I can’t tell if existential angst gets better or worse with age, but I bet it stops being cool pretty soon. I’ve always assumed this blog was a form of creative self-expression, but it’s morphed into a curated collection of amusements and interests more than any form of creation. Why? Because creating something worthwhile is fcking difficult and putting myself out there only adds to the angst. In me, the critic always wins the battle over the creative. The critic thrives off insecurity and validates himself by claiming ‘profound appreciation’ for the superior works of others. The critic curates. His collection is his only real act of creation - a work that can only be compared to the curation of fellow critics. He is a coward.
To create is to be brave. Defiant. To take something that exists entirely in the ether and display it to the world without knowing how it will be received, how it will fit. The collective consciousness is a scary place in which to birth something new. The whole critical, uncreative, lot of us suffer from a miserable dearth of bravery more than a lack of creativity. And bravery, above all else, is a belief in oneself - a belief so strong that action can supersede thought in the spur of the moment. I need to be brave. Bravery cures angst. Be supermassive.
Saatchi: An overrated lifestyle guide, unsustainable and largely ineffective, only succeeding in making people confused and guilty. For example: You shall not covet your neighbor’s wife, nor his house, nor his servant, nor his ox, nor his donkey, nor anything that is your neighbor’s.
This was always obviously a no-hoper of a Commandment. Coveting is all everyone does, all the time, everyday. It’s what drives the world economy, pushes people to make a go of their lives, so that they can afford the Executive model of their Ford Mondeo to park next to their neighbor’s Standard model.
And would you want to be married to someone who nobody coveted?
The big unsatisfying thing for me is when you have a bumper sticker that says, “God said it, I believe it, and that settles it.” It doesn’t settle it for me. I was giving a talk in Texas a couple of years ago—this still circulates on the web—at McLennan University, which is a very interesting college near Waco and Crawford. I’d pointed out that it seems reasonable to me that whoever wrote Genesis, as translated into English, where God made the sun to light the earth and the moon to light the night, probably didn’t have the whole story. Because, first of all, the moon doesn’t always light the night. And even ancient Greeks realized that the moon was an object that reflected sunlight. So this woman in the audience picked her kids up by the wrists and dragged them out of the room, shouting, “I believe in God! Bill Nye, you are evil!” That may be, but the moon doesn’t give off its own light. I’m sorry. There’s nothing I can do there. And we all laugh at that, but what we have to do is find the story that is more compelling. And I think we can find that if, instead of focusing on the truth, we focus on the pursuit of it. We focus on the scientific method, the way to find the truth.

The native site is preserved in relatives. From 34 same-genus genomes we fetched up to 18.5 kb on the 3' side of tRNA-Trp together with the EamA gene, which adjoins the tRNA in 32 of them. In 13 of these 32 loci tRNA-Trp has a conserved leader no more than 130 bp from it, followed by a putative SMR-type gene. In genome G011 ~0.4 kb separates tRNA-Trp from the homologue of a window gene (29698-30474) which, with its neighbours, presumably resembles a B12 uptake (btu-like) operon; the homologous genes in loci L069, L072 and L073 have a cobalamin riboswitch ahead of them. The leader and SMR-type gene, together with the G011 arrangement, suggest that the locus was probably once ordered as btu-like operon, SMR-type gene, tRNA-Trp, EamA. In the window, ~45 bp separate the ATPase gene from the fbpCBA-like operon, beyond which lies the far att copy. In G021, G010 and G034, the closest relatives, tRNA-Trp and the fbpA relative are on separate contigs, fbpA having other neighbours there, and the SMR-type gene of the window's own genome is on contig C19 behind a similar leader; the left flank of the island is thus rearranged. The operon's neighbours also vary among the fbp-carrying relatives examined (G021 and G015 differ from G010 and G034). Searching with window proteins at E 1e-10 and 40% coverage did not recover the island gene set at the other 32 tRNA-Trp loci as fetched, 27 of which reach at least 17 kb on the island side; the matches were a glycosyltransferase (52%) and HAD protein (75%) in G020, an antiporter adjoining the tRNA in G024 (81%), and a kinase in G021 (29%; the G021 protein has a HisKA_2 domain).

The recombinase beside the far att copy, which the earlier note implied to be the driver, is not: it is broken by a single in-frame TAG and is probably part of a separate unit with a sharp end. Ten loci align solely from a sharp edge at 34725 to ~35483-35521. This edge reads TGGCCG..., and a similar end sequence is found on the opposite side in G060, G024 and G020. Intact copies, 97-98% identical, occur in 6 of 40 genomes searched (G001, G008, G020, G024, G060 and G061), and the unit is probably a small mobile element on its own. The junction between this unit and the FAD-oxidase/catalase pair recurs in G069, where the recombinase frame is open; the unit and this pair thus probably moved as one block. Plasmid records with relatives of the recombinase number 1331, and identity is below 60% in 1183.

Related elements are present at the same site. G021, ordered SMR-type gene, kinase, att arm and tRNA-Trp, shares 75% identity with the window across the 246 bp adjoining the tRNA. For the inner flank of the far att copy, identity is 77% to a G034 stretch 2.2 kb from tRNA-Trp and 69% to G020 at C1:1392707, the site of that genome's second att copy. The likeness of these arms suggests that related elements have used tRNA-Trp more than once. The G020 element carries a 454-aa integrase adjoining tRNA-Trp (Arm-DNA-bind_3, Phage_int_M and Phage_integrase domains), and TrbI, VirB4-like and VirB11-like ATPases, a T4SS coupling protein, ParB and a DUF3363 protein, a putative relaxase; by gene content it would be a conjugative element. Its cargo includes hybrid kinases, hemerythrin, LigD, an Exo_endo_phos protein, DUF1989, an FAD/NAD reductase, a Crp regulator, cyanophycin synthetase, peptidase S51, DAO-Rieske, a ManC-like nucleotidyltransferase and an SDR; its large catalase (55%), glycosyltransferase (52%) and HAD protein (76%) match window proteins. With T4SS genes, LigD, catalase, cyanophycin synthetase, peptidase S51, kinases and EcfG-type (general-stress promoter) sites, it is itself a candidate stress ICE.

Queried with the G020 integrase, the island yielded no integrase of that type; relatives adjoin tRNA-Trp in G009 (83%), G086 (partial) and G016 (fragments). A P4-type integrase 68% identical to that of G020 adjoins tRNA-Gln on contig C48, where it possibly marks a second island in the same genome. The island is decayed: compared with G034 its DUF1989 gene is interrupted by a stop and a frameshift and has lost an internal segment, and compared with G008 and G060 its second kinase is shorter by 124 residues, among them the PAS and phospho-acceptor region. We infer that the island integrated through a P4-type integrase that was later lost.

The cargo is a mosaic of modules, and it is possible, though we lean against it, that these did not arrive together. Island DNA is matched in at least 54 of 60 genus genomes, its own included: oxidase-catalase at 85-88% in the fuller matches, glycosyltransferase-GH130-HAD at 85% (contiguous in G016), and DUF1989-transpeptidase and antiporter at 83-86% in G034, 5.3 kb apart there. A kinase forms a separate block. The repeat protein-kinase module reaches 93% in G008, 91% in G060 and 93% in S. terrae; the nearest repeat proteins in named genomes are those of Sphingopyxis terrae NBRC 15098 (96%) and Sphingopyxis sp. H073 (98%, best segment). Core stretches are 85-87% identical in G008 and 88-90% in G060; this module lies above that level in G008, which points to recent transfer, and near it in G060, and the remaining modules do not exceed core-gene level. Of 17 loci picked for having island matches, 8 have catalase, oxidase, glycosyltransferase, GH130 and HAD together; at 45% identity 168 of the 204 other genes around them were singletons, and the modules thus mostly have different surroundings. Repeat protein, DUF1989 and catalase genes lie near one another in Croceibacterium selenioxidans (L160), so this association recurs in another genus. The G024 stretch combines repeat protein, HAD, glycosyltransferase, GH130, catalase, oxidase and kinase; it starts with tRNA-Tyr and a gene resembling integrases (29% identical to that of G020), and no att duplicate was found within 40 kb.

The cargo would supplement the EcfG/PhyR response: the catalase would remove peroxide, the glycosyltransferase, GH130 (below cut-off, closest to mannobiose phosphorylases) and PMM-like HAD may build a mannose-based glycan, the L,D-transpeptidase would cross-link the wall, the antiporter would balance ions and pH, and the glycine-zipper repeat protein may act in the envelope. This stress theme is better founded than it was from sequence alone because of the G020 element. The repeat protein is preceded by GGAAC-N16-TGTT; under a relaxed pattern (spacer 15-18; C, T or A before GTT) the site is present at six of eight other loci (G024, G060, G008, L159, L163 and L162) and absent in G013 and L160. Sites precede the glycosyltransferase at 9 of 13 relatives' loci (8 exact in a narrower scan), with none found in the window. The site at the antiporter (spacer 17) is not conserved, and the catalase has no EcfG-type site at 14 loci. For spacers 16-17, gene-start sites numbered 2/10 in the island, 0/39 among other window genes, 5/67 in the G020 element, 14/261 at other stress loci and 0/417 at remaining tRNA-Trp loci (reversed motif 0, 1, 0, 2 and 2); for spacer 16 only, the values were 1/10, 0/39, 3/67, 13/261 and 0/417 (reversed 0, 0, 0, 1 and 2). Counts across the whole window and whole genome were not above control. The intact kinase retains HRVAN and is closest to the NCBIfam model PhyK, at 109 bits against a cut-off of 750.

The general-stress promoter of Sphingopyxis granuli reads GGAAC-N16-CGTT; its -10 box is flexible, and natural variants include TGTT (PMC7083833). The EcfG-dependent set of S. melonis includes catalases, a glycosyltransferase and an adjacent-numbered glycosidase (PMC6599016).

The most terrifying thing I have ever read. The idle tragedy of aging alone and impoverished:
I am an old man in his sixtieth year. I have entered that decade of life which destroys the last illusion and beyond which lies death, swift or lingering, actuarial or real. I am also poor, incontrovertibly, humiliatingly poor, for the first time in my life… I am divorced and living alone in an alien city of 800,000 strangers. My aging body betrays me day by day; the ground I am losing now I lose forever.